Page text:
As you can see the new DTV antenna is not such an eye sore and it is at the back of the house not above the walkway to the house.

Thursday, July 19, 2012

Bench and raised beds

We worked in a garden for a return customer this past week. Rarely do I get gardening work like this as a handyman/builder. Very pleased to build this bench and raised garden beds and paint them purple!

This project came about from a trip to Italy my customer made last year. She returned with these beautiful 2 x 2 Italian hand painted tiles. The tiles were to be used as an accent in her master bathroom, never happened. So she had these tiles for about a year and really wanted to use them for accents. Finally we added 4 of the tiles to the purple garden beds and 2 of them to the garden bench.

Here is the 12 foot long purple garden bench. I used twice dried pressure treated lumber that is ready to paint right from the lumber yard. The lumber is called Cox Lumber it is not sold in the big box stores (you need to dry their lumber 4-6 months before painting). It is expensive a 2 x 6 x 12 costs $4 more a board to give you an ideal. We primed the bench and them painted with a very high quality paint from Sherwin Williams.

When I took these photos it was 97 degrees, the purple paint was too hot to sit on. The only draw back I could see on this beautiful bench, I love colorful things anyway.

The previous photos did not show the accent tiles I routed into the bench as show above, one on each end of the bench seat. First I made a template with a scrap of plywood and secured it and routed in the cut out to install the tiles. Set them in latex caulk and painted it in.
Above shows the higher quality of the Cox lumber, barely any knots to speak of. One might ask at what angle did we tilt back the bench backrest, it was 15%. You can see the outriggers under the bench with the back supports bolted together with 2 1/2 inch galvanized carriage bolts. Everything is mounted on 4 - 4 x 6s concreted in 2 foot deep. Very comfortable to sit in believe me!
Above is the raised garden beds, one is 2' 8" x 16' and the other is 2'8" x 20'. They are made with Cox lumber 2 x 10s staked in the ground with hidden 2 x 3 stakes. We lined the inside of the boxes with left over rubber roofing to keep the chemicals from the treated lumber from leaching into the soil. The tops were made with 2 x 6s cut down to 4 1\/2 inches wide and screwed down about every 10 inches. We regraded the site by hand and added the creek gravel and medium river rocks in the foreground. The slate patio had been there a long time, the space was not really used with no furniture to sit on.
Here we go the job complete it just needs plants and water.

Sunday, July 15, 2012

Second Honey Harvest

Yesterday my friends Ken and Leslie helped me pull 11 frames of honey to be harvested. We all had other things to do with the rest of the day so I placed the honey in a closed tub in the living room. Glad to report ants did not find it.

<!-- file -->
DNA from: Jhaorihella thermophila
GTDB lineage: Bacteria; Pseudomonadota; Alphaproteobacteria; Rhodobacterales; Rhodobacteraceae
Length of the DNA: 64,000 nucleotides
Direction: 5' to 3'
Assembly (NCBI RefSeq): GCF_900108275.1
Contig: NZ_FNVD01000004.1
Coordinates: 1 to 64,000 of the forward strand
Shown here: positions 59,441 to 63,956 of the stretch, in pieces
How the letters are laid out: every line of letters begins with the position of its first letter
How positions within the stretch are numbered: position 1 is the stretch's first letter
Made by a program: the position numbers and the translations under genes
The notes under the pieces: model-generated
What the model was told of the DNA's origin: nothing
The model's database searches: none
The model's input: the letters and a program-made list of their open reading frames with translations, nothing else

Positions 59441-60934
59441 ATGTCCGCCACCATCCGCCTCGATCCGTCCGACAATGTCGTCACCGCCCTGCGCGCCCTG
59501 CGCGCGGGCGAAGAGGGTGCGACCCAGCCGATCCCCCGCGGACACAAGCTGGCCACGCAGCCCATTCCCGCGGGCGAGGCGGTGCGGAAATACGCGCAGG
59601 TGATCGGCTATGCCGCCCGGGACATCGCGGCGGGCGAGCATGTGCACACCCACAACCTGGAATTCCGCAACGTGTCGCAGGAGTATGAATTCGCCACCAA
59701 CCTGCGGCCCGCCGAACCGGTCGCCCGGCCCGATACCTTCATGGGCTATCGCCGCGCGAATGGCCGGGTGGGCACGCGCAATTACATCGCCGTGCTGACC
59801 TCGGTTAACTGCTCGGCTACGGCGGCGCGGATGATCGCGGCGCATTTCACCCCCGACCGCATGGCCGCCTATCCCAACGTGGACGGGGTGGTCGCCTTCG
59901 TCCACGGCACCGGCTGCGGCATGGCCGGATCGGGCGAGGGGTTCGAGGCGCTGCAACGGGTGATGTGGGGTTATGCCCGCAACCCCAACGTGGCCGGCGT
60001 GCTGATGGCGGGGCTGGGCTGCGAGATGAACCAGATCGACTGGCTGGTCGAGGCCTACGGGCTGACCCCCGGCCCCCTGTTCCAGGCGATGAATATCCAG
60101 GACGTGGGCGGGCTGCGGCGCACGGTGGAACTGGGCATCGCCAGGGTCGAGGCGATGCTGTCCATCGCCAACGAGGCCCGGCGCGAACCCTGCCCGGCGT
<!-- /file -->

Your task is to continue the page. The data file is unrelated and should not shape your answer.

Early this afternoon Scott who I'm mentoring on beekeeping came over to help uncap and extract the honey. Meg took these photos before heading off.
Yep that is yours truly with a frame of honey from my mother hive. When we harvested the first time we pulled, harvested and replaced a super on the mother hive. There was another super nearly full of honey and 5 frames were ready to pull as you can see. The first removed super was looking pretty full so we felt the bees had plenty of honey.

The April 16th swarm bees down on the farm we pulled 4 frames from them, those bees are my best bees. The other two frames pulled were deep frames on the Hillsborough cutout hive, they have loads of honey.
 This is Scott cutting cappings off a frame full of honey. The box in the back right has the empty frames was already spun in the extractor.
Doesn't that honey look yummy? Best tasting honey thus far IMO and we harvested 3+ gallons of honey today!

Here we are cleaning out the extractor we borrowed from Ursula and David. The bees are pretty good at this, they do not waste a single drop. You know we drained the extractor and let it set for maybe 15 minutes, collected another pound of honey that settled down the walls of the extractor.
So we had maybe 5-6 pounds of wax cappings covered in honey. We drained it for over an hour into the honey bucket. Then I took it out to the bees to clean up. I was out there without protection with 10,000 - 15,000 bees feeding like crazy on honey. Am I crazy, no stings, good bees.
As mentioned we crushed and strained one deep frame of feral honey, here the bees are cleaning it up as well.
I'm sorry I never shared this with you. We did a huge extraction at Ken and Leslie's on June 10th. Here is the hive from inside this empty old house on their property. We ended up taking a split from this hive, it was too big for just a day job. We found out at the end of the day that this was just 2/3s of the actual hive. All the eggs, larva and the queen were in the stud bay to the left of this cut out.

So now the split at Ken's has a laying queen and the hive inside the old house is covered in plexiglass and draped so they can observe the bees when they want to. Leslie crushed and strained about 25 pound of feral honey, she gave me about 10 pounds, man is it tasty.

Here's a report from yesterday hive inspections:

Mother hive is doing great we pulled 5 frames of honey and replaced them after extracting.

Lindsey hive has more bees on their porch than all the hives combined. Had an accident while inspecting. New cross comb was cut free and fell into the hive. Recused a block of brood about 4" x5" and gave the rest of the comb with nectar back the the bees.

Mother's Split hive is in trouble. No queen for the second time this year. Small Hive Beetles at least 100 seen with many killed. Just drone brood and what looked like a big queen cell, we hope that works. One frame side was covered with drones, 6 frames total covered in bees in the brood chamber, lots of black older bees, not good. I'll check them in a week or so to see if there is sign of a queen. Placed a beetle trap under the hive.

Hillsborough Cut Out hive pulled 2 deep frames of honey, the hive has 2 deeps full of honey. These bees are very active and I did not look into them very much as the home made frames are hard to pull out being so full of honey and burr comb.

Home Sweet Home TBH a few beetles, they are moving slowly and have a nice brood pattern.

Farm Bees we pulled 4 frames of honey and they are looking strong.